Ode to Henry Joy – An Irishman’s Diary about the 250th birthday of a revolutionary

Henry Joy McCracken: born 250 years ago today in Belfast

Henry Joy McCracken: born 250 years ago today in Belfast

 

Leaving his revolutionary fame aside a moment, Henry Joy McCracken had one of the great Irish names. The “Joy” part came from his mother Ann, who was of French Huguenot stock. The “McCracken” bit was Ulster-Scots. But combined, they were a euphonious match made in heaven. With the addition of a sturdy two-syllable prefix, it was a name designed to resonate.

Born 250 years ago today in Belfast, however, its owner was not the first of his family to make a mark on history.  

Thirty years earlier, in 1737, his maternal grandfather Francis Joy had established what remains the world’s oldest English-language daily newspaper, the Belfast Newsletter. And his grandfather on the other side had been a substantial enough businessman to gift the city an area known as the Cornmarket, where in a bitter irony, Henry Joy McCracken’s life would be ended on a scaffold in 1798.

But in the meantime, the child born on August 31st, 1767, grew up to be part of one of the most enlightened generations ever to have lived in Ireland, certainly in its northeastern part. Had their versions of the French and American revolutions, filtered through the Scottish enlightenment, succeeded peacefully, maybe many subsequent tragedies on the island might have been avoided.

The attempt had a promising start, at least. It was under the deliberately innocuous cover name of “The Muddlers Club” that McCracken and others, including Thomas Russell – “The Man from God Knows Where” (but actually Cork) – founded the United Irishmen in 1791. The mostly-Presbyterian group held their meetings in a pub, Peggy Barclay’s Tavern, on a Belfast alleyway called Sugarhouse Entry. And at first their plans were indeed peaceful, until hopes of a self-governing, multidenominational Ireland disappeared under repressive government policies in 1795. Thereafter, the Muddlers were on a path to violent confrontation with the law.

McCracken spent most of 1797 in Kilmainham Gaol, until released in bad health. Like most of his comrades, he then waited in vain from the French.

But after commanding his men at the doomed Battle of Antrim, he fled to the mountains, until arrested again.  

He could have saved his neck by implicating others, but refused and was hanged on July 17th, 1798. His adoring younger sister Mary-Ann McCracken had arranged to have a doctor present lest there be a chance of resuscitation, and the body was brought back to Peggy Barclay’s with that aim. But the hangman had done his job. Henry was dead, aged 30.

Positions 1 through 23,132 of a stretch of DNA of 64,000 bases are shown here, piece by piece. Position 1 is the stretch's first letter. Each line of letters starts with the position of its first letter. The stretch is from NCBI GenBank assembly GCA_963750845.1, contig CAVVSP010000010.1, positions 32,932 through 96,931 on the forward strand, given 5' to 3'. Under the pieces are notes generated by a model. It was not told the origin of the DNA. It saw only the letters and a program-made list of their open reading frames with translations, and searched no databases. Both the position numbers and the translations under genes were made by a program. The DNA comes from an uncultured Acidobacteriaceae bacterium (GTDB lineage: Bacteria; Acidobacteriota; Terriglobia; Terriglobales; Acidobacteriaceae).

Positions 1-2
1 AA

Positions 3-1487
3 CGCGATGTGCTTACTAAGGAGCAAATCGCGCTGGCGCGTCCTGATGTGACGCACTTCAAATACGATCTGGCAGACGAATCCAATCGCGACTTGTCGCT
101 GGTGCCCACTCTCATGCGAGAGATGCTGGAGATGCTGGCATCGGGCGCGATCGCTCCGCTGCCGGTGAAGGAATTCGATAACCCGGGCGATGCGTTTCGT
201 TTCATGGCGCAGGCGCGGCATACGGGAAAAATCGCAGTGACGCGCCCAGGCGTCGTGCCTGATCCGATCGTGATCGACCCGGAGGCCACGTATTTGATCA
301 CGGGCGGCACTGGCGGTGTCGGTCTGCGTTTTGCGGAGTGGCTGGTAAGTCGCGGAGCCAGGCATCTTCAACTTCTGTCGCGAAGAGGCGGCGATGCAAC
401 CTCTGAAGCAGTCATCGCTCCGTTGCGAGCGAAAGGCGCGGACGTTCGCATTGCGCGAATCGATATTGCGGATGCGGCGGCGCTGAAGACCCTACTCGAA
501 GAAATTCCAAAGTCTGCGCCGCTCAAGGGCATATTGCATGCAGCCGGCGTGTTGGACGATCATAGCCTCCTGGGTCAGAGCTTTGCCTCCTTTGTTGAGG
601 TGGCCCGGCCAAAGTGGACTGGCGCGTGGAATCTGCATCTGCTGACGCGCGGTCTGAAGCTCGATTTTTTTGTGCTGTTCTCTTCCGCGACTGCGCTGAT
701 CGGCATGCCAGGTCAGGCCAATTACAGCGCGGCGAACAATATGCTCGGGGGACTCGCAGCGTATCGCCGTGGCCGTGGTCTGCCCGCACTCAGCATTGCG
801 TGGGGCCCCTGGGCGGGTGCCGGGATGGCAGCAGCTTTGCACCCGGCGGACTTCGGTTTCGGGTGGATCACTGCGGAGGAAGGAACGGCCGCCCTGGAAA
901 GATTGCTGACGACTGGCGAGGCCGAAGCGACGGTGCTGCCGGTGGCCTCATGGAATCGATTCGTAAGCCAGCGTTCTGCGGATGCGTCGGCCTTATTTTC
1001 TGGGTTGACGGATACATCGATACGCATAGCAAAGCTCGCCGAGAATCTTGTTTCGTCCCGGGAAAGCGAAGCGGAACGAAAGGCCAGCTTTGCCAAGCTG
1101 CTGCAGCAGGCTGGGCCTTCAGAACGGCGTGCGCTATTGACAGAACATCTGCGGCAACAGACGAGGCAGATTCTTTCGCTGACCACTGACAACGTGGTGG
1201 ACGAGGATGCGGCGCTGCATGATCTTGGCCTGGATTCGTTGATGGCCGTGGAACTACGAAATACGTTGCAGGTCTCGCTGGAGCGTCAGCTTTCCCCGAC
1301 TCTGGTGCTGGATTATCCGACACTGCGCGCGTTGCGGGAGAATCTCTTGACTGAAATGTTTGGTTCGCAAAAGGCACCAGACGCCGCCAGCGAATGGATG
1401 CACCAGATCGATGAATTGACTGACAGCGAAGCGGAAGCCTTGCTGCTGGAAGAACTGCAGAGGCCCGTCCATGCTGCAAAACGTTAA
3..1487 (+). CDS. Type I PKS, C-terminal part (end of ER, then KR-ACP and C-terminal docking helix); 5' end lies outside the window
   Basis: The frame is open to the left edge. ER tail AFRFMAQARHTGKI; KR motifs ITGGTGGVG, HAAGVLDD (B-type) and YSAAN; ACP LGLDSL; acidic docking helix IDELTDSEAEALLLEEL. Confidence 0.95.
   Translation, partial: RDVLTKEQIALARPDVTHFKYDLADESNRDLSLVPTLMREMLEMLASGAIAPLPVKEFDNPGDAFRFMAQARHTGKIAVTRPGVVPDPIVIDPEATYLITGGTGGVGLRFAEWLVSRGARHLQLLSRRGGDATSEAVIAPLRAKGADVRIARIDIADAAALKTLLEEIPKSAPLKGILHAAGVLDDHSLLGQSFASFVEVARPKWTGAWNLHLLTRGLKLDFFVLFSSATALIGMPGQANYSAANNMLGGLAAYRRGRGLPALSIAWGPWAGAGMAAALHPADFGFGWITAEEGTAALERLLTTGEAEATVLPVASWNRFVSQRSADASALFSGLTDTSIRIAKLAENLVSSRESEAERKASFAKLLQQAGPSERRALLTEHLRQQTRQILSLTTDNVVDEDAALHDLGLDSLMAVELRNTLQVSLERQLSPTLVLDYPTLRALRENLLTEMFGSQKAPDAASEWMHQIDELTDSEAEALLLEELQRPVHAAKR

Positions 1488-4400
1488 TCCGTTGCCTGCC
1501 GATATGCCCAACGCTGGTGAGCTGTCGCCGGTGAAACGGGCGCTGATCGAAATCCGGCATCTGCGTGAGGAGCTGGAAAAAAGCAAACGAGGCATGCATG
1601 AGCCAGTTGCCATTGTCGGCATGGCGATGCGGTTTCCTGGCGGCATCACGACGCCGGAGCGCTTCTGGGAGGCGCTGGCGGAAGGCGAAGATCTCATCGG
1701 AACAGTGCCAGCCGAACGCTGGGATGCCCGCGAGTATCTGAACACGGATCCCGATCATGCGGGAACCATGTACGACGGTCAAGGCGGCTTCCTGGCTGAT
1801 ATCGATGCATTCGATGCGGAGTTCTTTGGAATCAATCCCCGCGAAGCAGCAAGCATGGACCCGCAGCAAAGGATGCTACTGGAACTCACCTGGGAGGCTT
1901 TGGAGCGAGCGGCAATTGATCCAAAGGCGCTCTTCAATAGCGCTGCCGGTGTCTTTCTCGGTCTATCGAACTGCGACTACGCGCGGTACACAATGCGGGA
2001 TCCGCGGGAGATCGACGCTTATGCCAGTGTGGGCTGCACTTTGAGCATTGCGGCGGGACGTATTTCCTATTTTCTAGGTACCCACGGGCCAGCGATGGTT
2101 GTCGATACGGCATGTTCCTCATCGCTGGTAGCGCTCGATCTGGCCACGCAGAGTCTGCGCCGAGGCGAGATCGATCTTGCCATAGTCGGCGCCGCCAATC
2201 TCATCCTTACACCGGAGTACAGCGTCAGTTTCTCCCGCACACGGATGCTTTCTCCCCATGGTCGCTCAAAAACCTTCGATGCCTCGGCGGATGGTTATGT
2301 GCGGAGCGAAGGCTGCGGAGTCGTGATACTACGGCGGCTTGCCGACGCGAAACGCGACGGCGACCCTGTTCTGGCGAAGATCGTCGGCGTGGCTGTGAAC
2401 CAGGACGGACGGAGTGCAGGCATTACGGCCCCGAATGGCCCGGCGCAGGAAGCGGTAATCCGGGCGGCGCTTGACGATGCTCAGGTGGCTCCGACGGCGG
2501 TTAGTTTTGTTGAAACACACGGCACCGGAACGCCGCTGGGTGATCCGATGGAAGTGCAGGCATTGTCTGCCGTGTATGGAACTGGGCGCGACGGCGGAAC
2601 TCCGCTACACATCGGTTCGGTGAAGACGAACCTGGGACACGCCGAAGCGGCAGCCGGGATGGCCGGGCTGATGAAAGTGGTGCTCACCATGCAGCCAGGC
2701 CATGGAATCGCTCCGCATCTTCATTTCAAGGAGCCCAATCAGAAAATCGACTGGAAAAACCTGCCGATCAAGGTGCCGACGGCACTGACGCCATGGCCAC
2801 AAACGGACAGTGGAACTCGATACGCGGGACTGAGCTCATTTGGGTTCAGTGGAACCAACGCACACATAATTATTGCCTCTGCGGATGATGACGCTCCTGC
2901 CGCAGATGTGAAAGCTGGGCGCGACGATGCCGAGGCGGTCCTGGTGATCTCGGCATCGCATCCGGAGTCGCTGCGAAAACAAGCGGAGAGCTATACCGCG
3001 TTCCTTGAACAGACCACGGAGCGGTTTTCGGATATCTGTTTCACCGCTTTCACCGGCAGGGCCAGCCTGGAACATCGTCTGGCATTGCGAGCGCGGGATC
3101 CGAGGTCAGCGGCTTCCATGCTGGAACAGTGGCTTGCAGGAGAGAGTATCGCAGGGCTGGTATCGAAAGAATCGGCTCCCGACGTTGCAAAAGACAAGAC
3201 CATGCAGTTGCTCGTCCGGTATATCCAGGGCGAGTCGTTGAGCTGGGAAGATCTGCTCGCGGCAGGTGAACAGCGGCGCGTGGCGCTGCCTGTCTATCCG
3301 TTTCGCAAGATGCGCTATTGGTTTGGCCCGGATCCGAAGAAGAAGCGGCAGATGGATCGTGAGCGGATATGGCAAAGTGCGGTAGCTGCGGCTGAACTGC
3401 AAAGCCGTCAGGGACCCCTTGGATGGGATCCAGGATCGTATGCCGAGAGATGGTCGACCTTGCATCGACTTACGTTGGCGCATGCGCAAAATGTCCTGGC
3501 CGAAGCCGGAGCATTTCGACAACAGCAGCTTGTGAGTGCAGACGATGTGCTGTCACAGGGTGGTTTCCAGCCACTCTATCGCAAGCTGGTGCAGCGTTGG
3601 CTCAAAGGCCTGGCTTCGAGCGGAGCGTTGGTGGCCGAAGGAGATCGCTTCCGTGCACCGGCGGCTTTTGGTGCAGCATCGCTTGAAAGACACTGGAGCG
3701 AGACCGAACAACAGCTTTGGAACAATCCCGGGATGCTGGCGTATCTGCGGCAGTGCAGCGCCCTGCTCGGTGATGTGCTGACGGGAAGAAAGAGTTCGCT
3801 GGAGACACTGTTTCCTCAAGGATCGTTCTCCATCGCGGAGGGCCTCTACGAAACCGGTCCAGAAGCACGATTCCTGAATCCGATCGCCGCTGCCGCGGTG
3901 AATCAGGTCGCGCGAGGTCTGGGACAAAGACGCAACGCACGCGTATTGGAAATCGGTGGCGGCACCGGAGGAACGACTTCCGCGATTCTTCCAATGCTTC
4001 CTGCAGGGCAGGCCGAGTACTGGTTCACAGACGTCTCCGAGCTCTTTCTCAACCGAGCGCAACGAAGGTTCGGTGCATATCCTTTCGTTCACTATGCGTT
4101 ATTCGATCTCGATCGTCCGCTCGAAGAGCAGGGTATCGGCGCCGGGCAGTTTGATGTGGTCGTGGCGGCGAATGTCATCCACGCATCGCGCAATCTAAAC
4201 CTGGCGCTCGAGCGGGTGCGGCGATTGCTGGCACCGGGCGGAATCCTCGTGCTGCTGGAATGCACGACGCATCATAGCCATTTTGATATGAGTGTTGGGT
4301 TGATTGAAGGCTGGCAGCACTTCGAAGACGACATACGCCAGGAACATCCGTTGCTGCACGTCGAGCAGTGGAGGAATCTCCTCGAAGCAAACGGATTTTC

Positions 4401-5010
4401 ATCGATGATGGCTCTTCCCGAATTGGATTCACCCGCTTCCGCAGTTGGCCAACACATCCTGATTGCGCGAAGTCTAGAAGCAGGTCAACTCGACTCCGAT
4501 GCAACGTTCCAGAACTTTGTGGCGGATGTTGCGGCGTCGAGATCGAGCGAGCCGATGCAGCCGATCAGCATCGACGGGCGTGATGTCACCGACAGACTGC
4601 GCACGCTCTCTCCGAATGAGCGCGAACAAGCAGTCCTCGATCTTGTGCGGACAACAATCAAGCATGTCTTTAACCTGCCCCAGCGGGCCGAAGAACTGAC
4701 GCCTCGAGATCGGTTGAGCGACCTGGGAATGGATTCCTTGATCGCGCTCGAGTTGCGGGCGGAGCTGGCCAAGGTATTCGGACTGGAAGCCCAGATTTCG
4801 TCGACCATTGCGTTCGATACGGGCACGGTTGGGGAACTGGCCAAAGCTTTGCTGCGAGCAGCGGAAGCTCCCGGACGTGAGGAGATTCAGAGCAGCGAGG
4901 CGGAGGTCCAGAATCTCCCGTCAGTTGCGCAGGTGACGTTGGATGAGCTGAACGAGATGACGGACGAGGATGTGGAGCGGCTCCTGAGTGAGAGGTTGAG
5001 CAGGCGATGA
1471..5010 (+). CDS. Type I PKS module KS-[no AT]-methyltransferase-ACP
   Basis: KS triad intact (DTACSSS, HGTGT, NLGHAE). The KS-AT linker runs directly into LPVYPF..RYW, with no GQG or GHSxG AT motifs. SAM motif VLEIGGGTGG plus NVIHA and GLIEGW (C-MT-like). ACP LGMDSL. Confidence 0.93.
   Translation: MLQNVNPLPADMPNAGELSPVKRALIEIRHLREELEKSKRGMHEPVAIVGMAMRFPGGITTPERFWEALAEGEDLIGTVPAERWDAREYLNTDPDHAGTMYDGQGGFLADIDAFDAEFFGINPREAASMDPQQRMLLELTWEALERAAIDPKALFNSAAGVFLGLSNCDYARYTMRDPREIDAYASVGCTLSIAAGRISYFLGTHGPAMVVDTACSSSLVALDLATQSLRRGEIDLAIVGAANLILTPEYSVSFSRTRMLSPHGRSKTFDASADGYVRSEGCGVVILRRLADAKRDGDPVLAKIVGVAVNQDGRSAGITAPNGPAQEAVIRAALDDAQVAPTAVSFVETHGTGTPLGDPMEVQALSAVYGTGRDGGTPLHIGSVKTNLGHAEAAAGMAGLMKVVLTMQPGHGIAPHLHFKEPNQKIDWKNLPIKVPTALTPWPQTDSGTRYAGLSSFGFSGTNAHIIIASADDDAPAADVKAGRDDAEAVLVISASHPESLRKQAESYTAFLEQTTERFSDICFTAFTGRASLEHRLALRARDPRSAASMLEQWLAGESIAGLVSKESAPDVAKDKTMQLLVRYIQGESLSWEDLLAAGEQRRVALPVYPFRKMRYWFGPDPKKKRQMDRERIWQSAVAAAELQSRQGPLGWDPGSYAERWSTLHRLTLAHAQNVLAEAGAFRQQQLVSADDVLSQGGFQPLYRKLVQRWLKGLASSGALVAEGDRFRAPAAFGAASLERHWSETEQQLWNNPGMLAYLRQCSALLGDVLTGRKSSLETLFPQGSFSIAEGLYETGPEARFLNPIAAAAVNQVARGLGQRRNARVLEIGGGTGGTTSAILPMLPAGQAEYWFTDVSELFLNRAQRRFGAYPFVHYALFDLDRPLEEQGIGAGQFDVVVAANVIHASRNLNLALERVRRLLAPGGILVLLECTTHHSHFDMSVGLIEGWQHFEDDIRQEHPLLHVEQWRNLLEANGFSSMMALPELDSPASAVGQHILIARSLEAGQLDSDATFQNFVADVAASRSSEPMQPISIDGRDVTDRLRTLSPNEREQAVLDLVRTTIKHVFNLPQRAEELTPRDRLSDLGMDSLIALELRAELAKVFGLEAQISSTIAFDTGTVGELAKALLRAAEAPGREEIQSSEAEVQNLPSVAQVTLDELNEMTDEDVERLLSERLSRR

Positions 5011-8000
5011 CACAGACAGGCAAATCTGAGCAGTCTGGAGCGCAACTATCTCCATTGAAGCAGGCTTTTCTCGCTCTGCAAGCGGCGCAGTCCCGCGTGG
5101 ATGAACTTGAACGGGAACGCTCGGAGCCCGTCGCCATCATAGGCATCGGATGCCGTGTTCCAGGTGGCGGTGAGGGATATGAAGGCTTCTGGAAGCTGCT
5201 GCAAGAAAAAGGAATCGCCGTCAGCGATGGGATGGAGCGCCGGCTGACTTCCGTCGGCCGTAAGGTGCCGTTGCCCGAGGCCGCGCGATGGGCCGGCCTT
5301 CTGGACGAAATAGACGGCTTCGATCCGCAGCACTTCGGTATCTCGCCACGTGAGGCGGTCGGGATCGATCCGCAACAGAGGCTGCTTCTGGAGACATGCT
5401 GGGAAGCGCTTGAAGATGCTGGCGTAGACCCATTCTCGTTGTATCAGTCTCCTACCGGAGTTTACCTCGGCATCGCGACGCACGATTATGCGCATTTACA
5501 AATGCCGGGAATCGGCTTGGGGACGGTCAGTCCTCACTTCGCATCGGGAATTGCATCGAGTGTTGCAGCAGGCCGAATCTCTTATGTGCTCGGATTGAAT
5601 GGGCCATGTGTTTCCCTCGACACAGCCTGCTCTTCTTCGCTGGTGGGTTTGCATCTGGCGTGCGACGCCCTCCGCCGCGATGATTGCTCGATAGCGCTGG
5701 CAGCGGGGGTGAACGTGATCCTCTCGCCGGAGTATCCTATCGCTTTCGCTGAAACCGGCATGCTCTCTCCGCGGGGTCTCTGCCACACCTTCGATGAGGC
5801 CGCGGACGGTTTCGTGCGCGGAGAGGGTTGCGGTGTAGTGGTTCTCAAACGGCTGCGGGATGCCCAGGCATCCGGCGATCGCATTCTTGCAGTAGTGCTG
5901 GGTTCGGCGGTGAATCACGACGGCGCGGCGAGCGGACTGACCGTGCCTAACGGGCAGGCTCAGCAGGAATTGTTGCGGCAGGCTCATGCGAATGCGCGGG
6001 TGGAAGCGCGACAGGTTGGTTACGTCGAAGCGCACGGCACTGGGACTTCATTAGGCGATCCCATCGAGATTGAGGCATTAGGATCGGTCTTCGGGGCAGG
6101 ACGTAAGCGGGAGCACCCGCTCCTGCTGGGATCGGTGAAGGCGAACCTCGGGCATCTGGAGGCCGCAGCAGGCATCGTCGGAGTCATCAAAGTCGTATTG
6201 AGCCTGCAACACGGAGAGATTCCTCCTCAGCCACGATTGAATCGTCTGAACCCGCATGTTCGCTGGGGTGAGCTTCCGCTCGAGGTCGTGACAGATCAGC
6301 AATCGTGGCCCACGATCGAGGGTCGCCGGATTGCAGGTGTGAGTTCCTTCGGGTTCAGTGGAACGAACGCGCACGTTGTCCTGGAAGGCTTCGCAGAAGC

Mary Ann, who spent the rest of her long life looking after his “illegitimate” daughter Maria, was a remarkable figure in her own right.  

Among many acts of philanthropy, she ran a school for Belfast’s orphaned poor, operating on such advanced principles as a belief that children should be amused while learning.

She was also a big part of the Presbyterian campaign to revive Irish traditional music.   And she was a lifelong campaigner against slavery, underwriting her commitment by abstention from one its main products, sugar.  

Late in life, 60 years after Henry’s death, she lamented that the once-idealistic Belfast was “now so sunk in the love of filthy lucre there are but 16 or 17 female anti-slavery advocates [left]”, and none of these were active in disseminating propaganda except “an old woman within 17 days of 89”.  

The old woman was herself. But she would yet see out the American civil war. And in forgoing sugar, she had been ahead of her time in more ways than one. As we know now, it’s very bad for your health too.  

Mary Ann must have benefitted from abstention – she lived to be 96.

Besides all that, she was also an ardent defender of her bother’s reputation, although even without her long advocacy, his place in the pantheon was secure.

The United Irishmen’s birthplace, Sugarhouse Entry, was destroyed by German bombs in 1941. But in more recent times, the name of the Muddlers Club has reappeared in Belfast, this time on an upmarket restaurant in the Cathedral Quarter.  

Thanks to the relative enlightenment that has returned to the city since 1998, the same quarter now hosts a number of public art works on the events of 200 years earlier, including a portrait of Henry and Mary Ann being parted at the gallows. But on his 250th birthday, the former is also remembered in a city where he was only briefly resident. His home for 13 months, Dublin’s Kilmainham Gaol, will this evening host the unveiling of a sculpture in his honour, accompanied by songs and poems of 1798. 

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